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City targets Georgia Street for $12.5M makeover

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City planners want to transform a three-block stretch of Georgia Street in downtown Indianapolis into a “pedestrian-friendly” area suited for hosting large groups of visitors to downtown events.

The Indianapolis Department of Public Works announced Tuesday morning plans for the $12.5 million project extending from Capitol Avenue to Pennsylvania Street.

Work is scheduled to begin late this year and would be finished by the 2012 Super Bowl. Georgia Street will continue to serve as a two-way street and will only be closed to traffic for special events.

“The Georgia Street improvements will convert a street which carries very little vehicular traffic into a pedestrian-friendly public space,” Mayor Greg Ballard said in a written statement.

The project will mostly be funded by a federal grant and will include new sidewalks, pavement, lighting and other amenities. In addition, the street will feature electrical, lighting and sound capabilities to accommodate events.

Once finished, the corridor would link the expanded Indiana Convention Center, set to be finished in January, to the west with Conseco Fieldhouse to the east.

“We will have a convention and community event venue that extends beyond the doors of our new Convention Center space for the meeting and entertainment needs of our customers,” said Don Welsh, president and CEO of the Indianapolis Convention and Visitors Association, in a prepared statement.
 

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  • Sidewalks
    I hope for $12 million they can put in some premium side walks on Georgia Street. Most cities have top notch side walks in the heart of their tourism districts.
  • You can't trust these financials
    Mark Miles is throwing money around like he has it to burn. And it isn't pretty; this business of unaccounted for money; of promises broken and sleight of hand accounting. First, Arsenal Tech lost the dome covered NFL football practice field Miles promised the east side when he first pitched the Super Bowl. He wanted that extra money for his Super Bowl Village; and he found millions there. And Ballard is lying through his teeth if he tries to make us believe this $12.5 million dollar Georgia street project is all federal transportation funds. I don't believe it. It simply isn't true. And that isn't an appropriate use for federal transportation funds anyway. Sound systems. Fire pits. Ballard and Miles are reaching into every pocket to try to pump the budget for Super Bowl Village. Follow that money trail, if you can. It doesn't cost $12.5 million for outdoor lighting, some heating stations, and a sound system. This Super Bowl; this is all they care about now. Libraries can close. But the CIB, the convention center and the Super Bowl, particularly the Super Bowl Village, are paramount. Ballard really wants to spend some money here. And budgets are tight. So he's squeezing the slush. And what Ballard wants more than anything is that money from the sale of the water company. Wasn't he pushing yesterday for $140 million more from a bond deal he's trying to push through; advancing money to Ballard to spend now, on "public works", that rate payers will be paying back for 20 years. So we've got the Department of Public Works, right in the middle of it all, aren't they. Hundreds of millions at issue now, what with the water and Super Bowl deals. I don't trust any of it.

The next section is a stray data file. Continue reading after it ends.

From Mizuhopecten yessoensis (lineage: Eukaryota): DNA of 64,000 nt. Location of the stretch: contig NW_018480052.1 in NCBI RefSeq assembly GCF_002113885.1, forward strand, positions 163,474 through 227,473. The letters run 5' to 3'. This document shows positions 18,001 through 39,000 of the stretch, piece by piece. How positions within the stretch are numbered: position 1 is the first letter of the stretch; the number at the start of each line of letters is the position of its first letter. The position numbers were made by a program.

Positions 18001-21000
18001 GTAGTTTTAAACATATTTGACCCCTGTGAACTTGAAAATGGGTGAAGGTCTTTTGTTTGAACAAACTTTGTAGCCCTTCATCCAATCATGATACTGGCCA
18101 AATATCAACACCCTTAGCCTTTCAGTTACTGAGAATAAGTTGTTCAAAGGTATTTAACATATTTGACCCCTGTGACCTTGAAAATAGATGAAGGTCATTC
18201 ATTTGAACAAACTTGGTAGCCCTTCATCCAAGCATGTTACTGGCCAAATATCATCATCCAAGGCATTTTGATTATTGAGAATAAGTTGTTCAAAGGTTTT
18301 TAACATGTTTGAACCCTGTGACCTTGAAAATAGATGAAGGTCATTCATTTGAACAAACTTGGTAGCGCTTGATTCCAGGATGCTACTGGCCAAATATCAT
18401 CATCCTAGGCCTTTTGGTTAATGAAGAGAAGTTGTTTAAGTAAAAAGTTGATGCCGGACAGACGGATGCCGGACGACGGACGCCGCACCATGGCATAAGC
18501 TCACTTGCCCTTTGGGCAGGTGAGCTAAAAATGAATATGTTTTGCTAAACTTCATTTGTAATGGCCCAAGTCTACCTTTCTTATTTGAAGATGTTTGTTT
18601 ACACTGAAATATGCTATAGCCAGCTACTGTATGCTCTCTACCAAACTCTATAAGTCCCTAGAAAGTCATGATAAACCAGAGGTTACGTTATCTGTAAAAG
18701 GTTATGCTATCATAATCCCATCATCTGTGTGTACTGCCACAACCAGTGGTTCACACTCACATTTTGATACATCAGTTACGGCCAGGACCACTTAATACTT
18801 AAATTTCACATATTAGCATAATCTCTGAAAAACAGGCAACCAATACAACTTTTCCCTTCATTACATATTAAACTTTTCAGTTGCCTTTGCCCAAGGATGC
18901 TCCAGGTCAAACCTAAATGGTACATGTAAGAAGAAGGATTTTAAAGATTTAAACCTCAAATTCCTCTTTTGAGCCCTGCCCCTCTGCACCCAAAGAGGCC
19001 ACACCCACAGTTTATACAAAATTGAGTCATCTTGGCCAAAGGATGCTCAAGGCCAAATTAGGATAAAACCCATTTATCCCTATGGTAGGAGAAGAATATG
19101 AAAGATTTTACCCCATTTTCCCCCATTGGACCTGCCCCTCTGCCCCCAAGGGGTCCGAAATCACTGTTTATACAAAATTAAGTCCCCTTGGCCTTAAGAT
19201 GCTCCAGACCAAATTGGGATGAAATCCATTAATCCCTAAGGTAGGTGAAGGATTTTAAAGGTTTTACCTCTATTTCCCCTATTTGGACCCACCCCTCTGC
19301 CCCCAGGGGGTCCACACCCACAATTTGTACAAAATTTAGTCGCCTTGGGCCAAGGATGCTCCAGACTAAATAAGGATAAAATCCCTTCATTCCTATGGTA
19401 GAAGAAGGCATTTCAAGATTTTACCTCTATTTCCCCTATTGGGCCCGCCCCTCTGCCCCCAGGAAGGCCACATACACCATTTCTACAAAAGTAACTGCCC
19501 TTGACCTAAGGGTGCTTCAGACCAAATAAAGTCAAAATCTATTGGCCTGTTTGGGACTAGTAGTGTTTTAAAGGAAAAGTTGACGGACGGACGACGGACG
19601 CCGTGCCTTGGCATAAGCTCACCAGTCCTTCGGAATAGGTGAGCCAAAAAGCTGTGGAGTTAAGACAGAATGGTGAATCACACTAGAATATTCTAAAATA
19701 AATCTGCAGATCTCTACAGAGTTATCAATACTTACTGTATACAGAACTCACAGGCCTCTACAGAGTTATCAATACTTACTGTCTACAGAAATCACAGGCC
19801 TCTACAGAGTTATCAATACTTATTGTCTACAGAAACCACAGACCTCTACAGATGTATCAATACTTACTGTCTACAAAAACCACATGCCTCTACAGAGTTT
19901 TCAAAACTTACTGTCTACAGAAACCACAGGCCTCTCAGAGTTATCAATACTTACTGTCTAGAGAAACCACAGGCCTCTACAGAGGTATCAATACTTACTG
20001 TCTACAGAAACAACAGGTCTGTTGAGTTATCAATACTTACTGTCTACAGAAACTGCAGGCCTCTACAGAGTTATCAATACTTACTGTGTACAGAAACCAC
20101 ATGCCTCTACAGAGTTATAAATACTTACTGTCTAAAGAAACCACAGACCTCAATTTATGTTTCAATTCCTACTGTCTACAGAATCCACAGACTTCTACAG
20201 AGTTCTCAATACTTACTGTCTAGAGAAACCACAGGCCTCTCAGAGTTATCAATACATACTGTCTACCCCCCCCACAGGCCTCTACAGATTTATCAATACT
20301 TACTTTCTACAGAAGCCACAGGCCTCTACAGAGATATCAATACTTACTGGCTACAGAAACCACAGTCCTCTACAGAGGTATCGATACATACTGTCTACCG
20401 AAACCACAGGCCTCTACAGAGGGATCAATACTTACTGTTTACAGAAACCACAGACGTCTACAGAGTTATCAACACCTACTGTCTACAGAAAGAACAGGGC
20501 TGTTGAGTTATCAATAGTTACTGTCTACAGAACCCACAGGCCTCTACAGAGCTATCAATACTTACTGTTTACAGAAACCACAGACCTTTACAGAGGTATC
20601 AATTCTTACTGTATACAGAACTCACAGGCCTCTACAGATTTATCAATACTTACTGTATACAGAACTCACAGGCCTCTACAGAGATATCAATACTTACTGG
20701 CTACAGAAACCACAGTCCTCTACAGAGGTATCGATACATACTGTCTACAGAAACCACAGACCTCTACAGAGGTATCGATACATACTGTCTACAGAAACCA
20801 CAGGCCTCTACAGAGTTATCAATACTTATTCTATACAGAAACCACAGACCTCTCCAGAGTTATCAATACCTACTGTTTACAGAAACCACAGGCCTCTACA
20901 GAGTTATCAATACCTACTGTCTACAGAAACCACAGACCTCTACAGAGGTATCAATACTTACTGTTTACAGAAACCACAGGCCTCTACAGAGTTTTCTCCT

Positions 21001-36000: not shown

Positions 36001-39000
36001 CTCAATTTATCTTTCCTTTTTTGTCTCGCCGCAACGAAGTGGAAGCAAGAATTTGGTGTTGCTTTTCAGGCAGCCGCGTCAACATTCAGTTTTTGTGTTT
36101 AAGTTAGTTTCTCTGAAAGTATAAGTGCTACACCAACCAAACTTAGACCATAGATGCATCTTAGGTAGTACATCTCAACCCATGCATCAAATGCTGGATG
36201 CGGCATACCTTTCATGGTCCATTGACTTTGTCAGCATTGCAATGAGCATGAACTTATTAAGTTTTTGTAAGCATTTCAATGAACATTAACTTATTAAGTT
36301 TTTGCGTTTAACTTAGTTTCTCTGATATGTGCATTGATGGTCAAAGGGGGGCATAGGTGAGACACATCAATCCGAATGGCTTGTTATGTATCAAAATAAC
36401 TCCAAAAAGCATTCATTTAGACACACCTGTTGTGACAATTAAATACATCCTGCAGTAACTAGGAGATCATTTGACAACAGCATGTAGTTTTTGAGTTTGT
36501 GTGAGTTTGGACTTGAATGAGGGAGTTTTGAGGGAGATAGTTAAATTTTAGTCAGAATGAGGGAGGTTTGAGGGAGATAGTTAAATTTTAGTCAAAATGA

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  1. How much you wanna bet, that 70% of the jobs created there (after construction) are minimum wage? And Harvey is correct, the vast majority of residents in this project will drive to their jobs, and to think otherwise, is like Harvey says, a pipe dream. Someone working at a restaurant or retail store will not be able to afford living there. What ever happened to people who wanted to build buildings, paying for it themselves? Not a fan of these tax deals.

  2. Uh, no GeorgeP. The project is supposed to bring on 1,000 jobs and those people along with the people that will be living in the new residential will be driving to their jobs. The walkable stuff is a pipe dream. Besides, walkable is defined as having all daily necessities within 1/2 mile. That's not the case here. Never will be.

  3. Brad is on to something there. The merger of the Formula E and IndyCar Series would give IndyCar access to International markets and Formula E access the Indianapolis 500, not to mention some other events in the USA. Maybe after 2016 but before the new Dallara is rolled out for 2018. This give IndyCar two more seasons to run the DW12 and Formula E to get charged up, pun intended. Then shock the racing world, pun intended, but making the 101st Indianapolis 500 a stellar, groundbreaking event: The first all-electric Indy 500, and use that platform to promote the future of the sport.

  4. No, HarveyF, the exact opposite. Greater density and closeness to retail and everyday necessities reduces traffic. When one has to drive miles for necessities, all those cars are on the roads for many miles. When reasonable density is built, low rise in this case, in the middle of a thriving retail area, one has to drive far less, actually reducing the number of cars on the road.

  5. The Indy Star announced today the appointment of a new Beverage Reporter! So instead of insightful reports on Indy pro sports and Indiana college teams, you now get to read stories about the 432nd new brewery open or some obscure Hoosier winery winning a county fair blue ribbon. Yep, that's the coverage we Star readers crave. Not.

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